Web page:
TOKYO/MOSCOW – Hitachi Ltd.’s nuclear power plant deal in Lithuania, approved by the country’s legislature Thursday, has been welcomed by the Japanese government and the industry but faces local concern because of the Fukushima nuclear crisis.
The contract represents what will be Japan’s first export of nuclear infrastructure since the March 2011 triple-meltdown crisis started at the Fukushima No. 1 nuclear power station.
Hitachi, which has been seeking to undertake the project in collaboration with General Electric of the United States, said in a comment released Thursday night: “We welcome the approval (of the contract) by the Lithuanian Parliament. We would like to continue working with relevant parties toward finalizing the contract.”
Lithuania’s legislature endorsed a contract with Hitachi for the right to build the Visaginas nuclear plant in a project estimated to be worth ¥400 billion. The vote followed an agreement in March between Hitachi and the Lithuanian government to sign the contract.
An official at the Agency for Natural Resources and Energy welcomed the move, saying the approval was “tantamount to a formal order.”
The new plant — an advanced boiling water reactor facility — is scheduled to go online in 2021.
Ahead of the formal concluding of the contract, the Lithuanian government is tasked with securing agreements with neighboring Latvia and Estonia, which it expects to put up capital for, and receive power from, the proposed nuclear power plant.
But residents in Lithuania and the other two Baltic states have voiced reservations about the construction of a nuclear plant amid growing calls to shun atomic power in light of the Fukushima disaster.
A public opinion poll in Lithuania by a private research company in May showed 65 percent did not support construction of a new atomic plant.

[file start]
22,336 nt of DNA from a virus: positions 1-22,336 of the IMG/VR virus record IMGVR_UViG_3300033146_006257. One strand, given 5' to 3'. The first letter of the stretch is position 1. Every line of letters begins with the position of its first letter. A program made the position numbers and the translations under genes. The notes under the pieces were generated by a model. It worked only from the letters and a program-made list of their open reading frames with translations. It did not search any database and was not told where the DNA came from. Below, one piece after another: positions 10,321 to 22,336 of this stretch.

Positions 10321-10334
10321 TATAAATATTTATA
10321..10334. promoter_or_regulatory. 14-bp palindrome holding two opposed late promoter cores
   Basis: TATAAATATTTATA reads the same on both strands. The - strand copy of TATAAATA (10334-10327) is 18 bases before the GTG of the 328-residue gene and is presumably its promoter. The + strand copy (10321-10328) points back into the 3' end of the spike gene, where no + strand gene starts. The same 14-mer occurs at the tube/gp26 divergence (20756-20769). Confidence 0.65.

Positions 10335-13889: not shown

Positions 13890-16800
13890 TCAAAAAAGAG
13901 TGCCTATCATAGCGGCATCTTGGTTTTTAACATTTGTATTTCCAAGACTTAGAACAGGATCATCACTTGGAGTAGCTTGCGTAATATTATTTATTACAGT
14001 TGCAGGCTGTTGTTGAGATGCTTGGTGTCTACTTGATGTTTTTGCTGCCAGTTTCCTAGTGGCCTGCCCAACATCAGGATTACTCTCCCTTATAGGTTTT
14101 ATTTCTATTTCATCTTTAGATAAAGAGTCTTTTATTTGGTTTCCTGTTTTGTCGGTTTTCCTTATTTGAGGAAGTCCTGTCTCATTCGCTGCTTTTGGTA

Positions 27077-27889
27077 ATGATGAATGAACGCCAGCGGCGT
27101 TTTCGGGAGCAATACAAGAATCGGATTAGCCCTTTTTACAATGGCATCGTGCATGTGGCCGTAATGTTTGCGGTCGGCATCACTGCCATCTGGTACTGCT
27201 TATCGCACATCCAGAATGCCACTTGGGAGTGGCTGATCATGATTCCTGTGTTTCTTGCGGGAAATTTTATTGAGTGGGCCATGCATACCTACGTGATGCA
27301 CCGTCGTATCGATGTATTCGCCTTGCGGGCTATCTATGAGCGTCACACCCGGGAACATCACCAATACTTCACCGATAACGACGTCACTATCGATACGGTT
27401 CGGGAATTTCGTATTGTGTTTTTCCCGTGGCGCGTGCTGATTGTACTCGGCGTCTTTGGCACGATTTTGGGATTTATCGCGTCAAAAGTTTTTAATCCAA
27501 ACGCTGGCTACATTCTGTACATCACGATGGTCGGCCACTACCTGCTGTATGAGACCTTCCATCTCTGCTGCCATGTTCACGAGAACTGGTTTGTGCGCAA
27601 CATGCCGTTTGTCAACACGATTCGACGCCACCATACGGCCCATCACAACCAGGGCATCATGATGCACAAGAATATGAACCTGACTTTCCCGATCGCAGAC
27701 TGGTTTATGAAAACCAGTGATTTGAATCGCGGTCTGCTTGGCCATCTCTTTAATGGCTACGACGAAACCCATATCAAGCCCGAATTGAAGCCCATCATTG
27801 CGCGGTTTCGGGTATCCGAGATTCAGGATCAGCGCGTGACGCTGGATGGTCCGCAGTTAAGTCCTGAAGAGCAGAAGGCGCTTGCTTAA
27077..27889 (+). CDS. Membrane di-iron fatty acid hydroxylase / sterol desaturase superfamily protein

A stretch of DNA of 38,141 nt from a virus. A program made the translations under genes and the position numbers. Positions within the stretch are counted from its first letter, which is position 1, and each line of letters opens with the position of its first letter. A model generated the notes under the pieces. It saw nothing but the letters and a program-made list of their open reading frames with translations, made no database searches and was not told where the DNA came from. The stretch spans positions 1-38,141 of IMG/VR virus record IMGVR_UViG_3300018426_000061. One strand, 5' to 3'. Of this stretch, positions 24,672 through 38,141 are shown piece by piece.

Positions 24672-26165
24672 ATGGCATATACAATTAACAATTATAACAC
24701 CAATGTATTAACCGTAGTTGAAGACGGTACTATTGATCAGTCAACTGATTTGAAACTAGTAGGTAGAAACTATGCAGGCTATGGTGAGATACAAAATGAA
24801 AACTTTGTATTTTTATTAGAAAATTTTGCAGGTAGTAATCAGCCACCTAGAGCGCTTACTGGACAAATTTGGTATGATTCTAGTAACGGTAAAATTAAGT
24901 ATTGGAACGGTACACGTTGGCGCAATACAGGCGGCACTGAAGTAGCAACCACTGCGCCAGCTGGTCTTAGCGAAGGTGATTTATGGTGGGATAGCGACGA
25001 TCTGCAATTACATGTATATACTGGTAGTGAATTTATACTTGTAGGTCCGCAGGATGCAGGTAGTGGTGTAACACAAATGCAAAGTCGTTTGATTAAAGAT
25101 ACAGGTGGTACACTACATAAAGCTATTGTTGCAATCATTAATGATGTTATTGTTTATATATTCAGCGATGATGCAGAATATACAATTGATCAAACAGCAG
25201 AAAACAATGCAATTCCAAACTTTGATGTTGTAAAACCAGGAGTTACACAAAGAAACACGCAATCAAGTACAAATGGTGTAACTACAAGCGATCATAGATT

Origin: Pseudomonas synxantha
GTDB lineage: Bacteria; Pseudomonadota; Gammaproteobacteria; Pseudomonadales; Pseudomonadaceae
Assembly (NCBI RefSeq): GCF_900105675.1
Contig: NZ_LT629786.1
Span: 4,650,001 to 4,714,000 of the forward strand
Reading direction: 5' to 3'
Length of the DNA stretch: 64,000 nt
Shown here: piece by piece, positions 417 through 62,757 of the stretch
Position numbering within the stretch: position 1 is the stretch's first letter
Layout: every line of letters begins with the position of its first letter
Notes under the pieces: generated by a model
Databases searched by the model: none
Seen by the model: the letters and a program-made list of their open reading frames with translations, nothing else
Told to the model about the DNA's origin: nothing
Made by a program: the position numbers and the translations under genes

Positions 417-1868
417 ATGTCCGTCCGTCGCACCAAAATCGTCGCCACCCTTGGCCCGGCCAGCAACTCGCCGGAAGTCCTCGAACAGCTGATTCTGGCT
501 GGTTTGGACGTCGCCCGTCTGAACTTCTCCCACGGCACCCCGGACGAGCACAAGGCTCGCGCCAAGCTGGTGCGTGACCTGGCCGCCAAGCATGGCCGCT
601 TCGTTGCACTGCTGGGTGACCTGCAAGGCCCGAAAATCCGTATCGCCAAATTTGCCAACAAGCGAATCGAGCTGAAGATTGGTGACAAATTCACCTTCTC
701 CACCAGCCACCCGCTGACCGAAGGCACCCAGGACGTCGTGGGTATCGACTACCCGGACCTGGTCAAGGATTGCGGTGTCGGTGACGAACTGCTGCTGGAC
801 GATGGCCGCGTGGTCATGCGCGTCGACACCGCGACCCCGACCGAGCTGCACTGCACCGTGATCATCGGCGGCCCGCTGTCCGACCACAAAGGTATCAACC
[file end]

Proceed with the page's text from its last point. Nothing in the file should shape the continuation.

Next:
At Thursday’s vote in the legislature, many lawmakers abstained, with only 74 members of the 141-seat chamber taking part. Sixty-nine of them voted for construction of the plant.
Lithuania had previously operated the Ignalia nuclear plant, an identical model to the Chernobyl plant that suffered a catastrophic accident in 1986. Opened during the Soviet era, the plant met more than 70 percent of the country’s power needs. But it was shut down in 2009 after the European Union demanded its closure as a condition to join the bloc.
Ever since, Lithuania has managed to meet its energy needs through imports of natural gas and electricity from Russia. The Lithuanian government is hoping the new nuclear power project will help it grow out of its energy dependence on Russia.
Hitachi as well as Toshiba Corp. have supplied equipment to the Fukushima plant, crippled by the magnitude 9.0 earthquake and tsunami. They face dim prospects in securing orders in Japan and are apparently placing their hopes on demand overseas.
Hitachi is aiming to boost its revenue from the nuclear power business to ¥360 billion in fiscal 2020, a roughly 130 percent increase from fiscal 2011. By 2030, it is planning to obtain orders for 38 reactors worldwide, targeting markets in Eastern Europe and Asia outside Japan.
Toshiba also targets ¥1 trillion in revenue from its nuclear power operations in fiscal 2017. Its major target is the United States, home of Westinghouse Electric, a unit under its umbrella.
According to Toshiba, the U.S. Nuclear Regulatory Commission has received applications for 28 nuclear reactors. Half of them are expected to be Westinghouse’s new reactors. Nuclear power “remains in sustained demand as an essential energy source,” said Toshiba.
Before Fukushima, Japan obtained a nuclear power plant order from Vietnam in 2010. Japan is also aiming at securing orders from Turkey and Jordan.